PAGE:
Transport Capital Partners fourth-quarter survey results show new hours-of-service impacting productivity, carriers expecting wages to climb, and more entry-level drivers to be sought by fleets.
Increases in rates and improved accessorial charges have yet to materialize for many carriers. And they will look to increased productivity as a means to raising their bottom lines. However, the new hours-of-service regulations appear to have significantly impacted that avenue.
Seventy-eight percent of carriers reported those new rules having some impact on productivity. Forty-one percent expect the impact will be less than 5%. But an almost equal number (37%) say the new regulations will have more than a 5% impact. Amazingly, almost six months after the changes were implemented, 16% of carriers still have not determined the impact.
Carriers Expecting Wages to Climb
With a loss in productivity (i.e., miles) under the new HOS regulations, it would seem to follow that driver wages would also fall. However, capacity increases and the need to find more drivers will inevitably push carriers to raise wages. But in this environment of static rates, do carriers really believe they can raise driver wages?
The answer, according to this survey, is “yes”. Seventy-two percent of carriers expect to raise wages, albeit modestly (from 1% to 5%). The expectations are not even across the board: 81% of larger carriers think wages will increase 1% to 5% compared to only 50% of smaller carriers. Thirty-five percent of smaller carriers think wages will increase 6% to 10% compared with only 14% of larger carriers.
"We surmise the pressure of unseated trucks and higher turnover levels may be driving some carriers to higher pay increases," notes Steven Dutro, a TCP partner.
Changing Policies To Bring More Entry-Level Drivers Into Play
With the many changes taking place in the regulatory and economic environment, carriers are also reviewing their labor policies. Currently, less than 30% of carriers hire inexperienced entry-level drivers. Larger carriers are twice as inclined to spend the time, money, and effort to develop entry-level drivers than are smaller carriers (33% vs. 15%).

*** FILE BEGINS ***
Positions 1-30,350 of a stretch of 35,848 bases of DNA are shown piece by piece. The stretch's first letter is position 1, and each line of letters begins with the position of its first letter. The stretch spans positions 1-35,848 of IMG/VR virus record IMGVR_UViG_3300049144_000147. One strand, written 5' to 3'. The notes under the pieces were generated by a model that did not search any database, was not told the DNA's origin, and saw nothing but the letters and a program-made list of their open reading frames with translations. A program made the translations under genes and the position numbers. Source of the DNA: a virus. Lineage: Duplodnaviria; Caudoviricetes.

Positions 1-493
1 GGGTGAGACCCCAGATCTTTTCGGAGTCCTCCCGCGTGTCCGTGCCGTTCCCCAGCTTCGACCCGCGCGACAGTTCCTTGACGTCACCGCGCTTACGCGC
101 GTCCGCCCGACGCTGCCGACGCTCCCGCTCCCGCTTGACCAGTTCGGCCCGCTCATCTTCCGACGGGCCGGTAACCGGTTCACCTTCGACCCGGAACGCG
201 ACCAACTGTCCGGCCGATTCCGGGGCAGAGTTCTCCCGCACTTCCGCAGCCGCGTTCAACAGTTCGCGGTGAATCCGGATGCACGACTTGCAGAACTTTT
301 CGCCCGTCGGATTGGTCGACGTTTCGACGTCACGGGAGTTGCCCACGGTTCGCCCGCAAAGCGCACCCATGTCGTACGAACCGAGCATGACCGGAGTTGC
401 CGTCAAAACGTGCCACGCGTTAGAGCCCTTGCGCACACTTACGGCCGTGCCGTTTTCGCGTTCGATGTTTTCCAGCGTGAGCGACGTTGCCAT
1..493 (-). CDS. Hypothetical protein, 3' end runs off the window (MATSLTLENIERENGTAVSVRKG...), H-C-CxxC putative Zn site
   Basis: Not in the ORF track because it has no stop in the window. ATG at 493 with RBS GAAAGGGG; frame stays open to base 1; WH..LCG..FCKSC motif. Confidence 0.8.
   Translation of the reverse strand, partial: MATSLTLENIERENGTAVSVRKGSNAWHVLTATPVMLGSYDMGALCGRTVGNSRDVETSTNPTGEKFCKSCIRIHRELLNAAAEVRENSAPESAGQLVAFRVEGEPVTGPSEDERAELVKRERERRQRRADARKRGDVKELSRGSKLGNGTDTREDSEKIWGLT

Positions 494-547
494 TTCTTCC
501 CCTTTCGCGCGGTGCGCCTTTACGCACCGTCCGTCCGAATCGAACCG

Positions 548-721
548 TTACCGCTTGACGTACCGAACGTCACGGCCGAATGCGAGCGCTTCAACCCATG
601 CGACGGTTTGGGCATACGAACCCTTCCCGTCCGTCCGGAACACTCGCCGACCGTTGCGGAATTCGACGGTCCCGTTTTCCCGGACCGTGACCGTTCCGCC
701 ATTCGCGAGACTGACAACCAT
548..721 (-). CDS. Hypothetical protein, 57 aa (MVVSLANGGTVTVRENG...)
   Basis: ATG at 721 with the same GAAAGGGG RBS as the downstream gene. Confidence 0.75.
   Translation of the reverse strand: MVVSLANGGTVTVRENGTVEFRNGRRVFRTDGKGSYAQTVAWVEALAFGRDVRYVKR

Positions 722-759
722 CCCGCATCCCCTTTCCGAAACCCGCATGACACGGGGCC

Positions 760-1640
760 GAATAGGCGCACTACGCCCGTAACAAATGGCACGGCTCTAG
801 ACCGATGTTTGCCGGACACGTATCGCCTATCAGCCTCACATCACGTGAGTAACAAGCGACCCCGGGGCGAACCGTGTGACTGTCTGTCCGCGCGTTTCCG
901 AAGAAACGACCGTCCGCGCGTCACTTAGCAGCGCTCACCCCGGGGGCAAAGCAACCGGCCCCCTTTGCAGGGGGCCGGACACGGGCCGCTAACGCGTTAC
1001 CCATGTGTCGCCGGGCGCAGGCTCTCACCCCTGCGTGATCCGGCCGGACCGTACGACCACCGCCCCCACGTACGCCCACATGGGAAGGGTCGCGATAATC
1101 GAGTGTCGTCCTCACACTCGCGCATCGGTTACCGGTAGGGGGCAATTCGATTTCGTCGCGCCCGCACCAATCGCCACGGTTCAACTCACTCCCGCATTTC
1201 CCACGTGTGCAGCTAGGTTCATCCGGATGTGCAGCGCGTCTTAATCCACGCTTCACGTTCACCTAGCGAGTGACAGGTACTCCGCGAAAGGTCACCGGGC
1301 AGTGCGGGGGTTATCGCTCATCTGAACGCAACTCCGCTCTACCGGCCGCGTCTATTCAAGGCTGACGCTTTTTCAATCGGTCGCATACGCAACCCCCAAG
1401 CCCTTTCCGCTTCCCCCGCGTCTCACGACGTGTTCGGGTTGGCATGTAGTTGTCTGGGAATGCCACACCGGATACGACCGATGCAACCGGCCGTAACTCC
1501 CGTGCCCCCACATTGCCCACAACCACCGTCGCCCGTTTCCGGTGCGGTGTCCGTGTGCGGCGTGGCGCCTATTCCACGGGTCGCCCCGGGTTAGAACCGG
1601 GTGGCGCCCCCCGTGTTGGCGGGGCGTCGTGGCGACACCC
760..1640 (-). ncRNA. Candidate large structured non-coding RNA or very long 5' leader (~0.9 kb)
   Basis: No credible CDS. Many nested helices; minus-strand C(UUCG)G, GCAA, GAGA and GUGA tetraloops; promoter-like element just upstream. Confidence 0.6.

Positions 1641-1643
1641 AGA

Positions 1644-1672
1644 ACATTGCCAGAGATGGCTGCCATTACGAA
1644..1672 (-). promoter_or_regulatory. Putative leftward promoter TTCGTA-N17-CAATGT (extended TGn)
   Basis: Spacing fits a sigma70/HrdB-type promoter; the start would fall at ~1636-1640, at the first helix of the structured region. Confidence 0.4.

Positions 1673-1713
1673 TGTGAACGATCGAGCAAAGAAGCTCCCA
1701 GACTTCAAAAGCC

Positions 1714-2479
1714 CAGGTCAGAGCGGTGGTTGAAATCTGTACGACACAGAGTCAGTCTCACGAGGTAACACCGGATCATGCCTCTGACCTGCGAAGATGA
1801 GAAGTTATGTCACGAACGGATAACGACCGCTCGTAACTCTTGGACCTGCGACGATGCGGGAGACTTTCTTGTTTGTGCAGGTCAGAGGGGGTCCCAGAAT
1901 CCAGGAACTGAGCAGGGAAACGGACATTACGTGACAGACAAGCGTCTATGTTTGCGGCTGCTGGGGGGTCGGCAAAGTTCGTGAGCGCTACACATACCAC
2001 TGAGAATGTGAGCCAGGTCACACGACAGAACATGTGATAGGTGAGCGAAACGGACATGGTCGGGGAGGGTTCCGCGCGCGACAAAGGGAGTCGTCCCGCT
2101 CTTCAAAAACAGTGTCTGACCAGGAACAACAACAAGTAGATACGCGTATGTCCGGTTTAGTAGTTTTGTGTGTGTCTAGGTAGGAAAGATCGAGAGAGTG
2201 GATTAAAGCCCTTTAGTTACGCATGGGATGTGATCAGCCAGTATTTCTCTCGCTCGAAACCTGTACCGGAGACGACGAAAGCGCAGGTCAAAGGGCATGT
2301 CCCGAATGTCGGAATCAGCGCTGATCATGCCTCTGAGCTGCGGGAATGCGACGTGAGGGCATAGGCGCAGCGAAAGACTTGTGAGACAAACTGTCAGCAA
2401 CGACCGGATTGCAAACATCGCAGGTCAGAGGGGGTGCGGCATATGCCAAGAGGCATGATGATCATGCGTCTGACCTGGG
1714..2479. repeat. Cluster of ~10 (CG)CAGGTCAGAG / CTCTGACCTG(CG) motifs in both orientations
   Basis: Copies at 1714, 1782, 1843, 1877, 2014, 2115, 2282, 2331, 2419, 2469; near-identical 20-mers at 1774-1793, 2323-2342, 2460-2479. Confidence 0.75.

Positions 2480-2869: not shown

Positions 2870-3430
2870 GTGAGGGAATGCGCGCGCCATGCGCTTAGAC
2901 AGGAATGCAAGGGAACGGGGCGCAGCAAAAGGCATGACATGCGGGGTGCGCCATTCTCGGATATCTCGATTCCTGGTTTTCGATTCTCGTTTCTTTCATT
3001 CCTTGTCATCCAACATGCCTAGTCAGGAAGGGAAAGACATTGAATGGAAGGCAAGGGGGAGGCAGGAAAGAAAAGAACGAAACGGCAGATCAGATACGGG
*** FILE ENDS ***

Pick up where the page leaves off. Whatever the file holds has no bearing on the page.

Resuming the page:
Only a third of carriers presently use entry-level drivers. It appears that number is set to grow, with slightly over half of all carriers expect to soon be training and utilizing inexperienced, entry-level drivers. Larger carriers expect this option at a rate of more than 2:1 over smaller carriers (64% vs. 25%).
While a slight majority of carriers are interested in utilizing entry-level drivers, a stunning 84% of carriers are willing to support allowing younger, properly trained drivers to enter the driving pool.
“We believe this means they support other carriers hiring and training younger driver so that they can then poach them later,” comments Richard Mikes, a TCP partner.
Buyers Remain Conservative
Carriers indicating they wish to exit the industry in the next six months remained at 11%, the same as last quarter but down slightly from 13% a year ago. However, 15% of smaller carriers are thinking about exiting the industry in the next six months, if revenues do not improve. This number contrasts with 10% of larger carriers.
Those carriers wishing to sell their company in the next 18 months dropped to 11% - the lowest it has ever been. More smaller carriers want to sell than large carriers (19% vs. 8%). Even with all the reports of carrier acquisitions this quarter, the overall number of carriers wishing to buy a company in the next 12 months dropped slighted from 47% to 42%, with buyers concentrated among the larger carriers at 50% vs. 27%.
“TCP experience shows pricing continues to be a focal point, with buyers remaining conservative and hesitant to pay ‘blue sky’ except for carriers with excellent operations or significant strategic benefits,” states Mikes.
The small steel-hauling fleet received a safety-related wake-up call that something needed to change. Documented driver training has made a difference.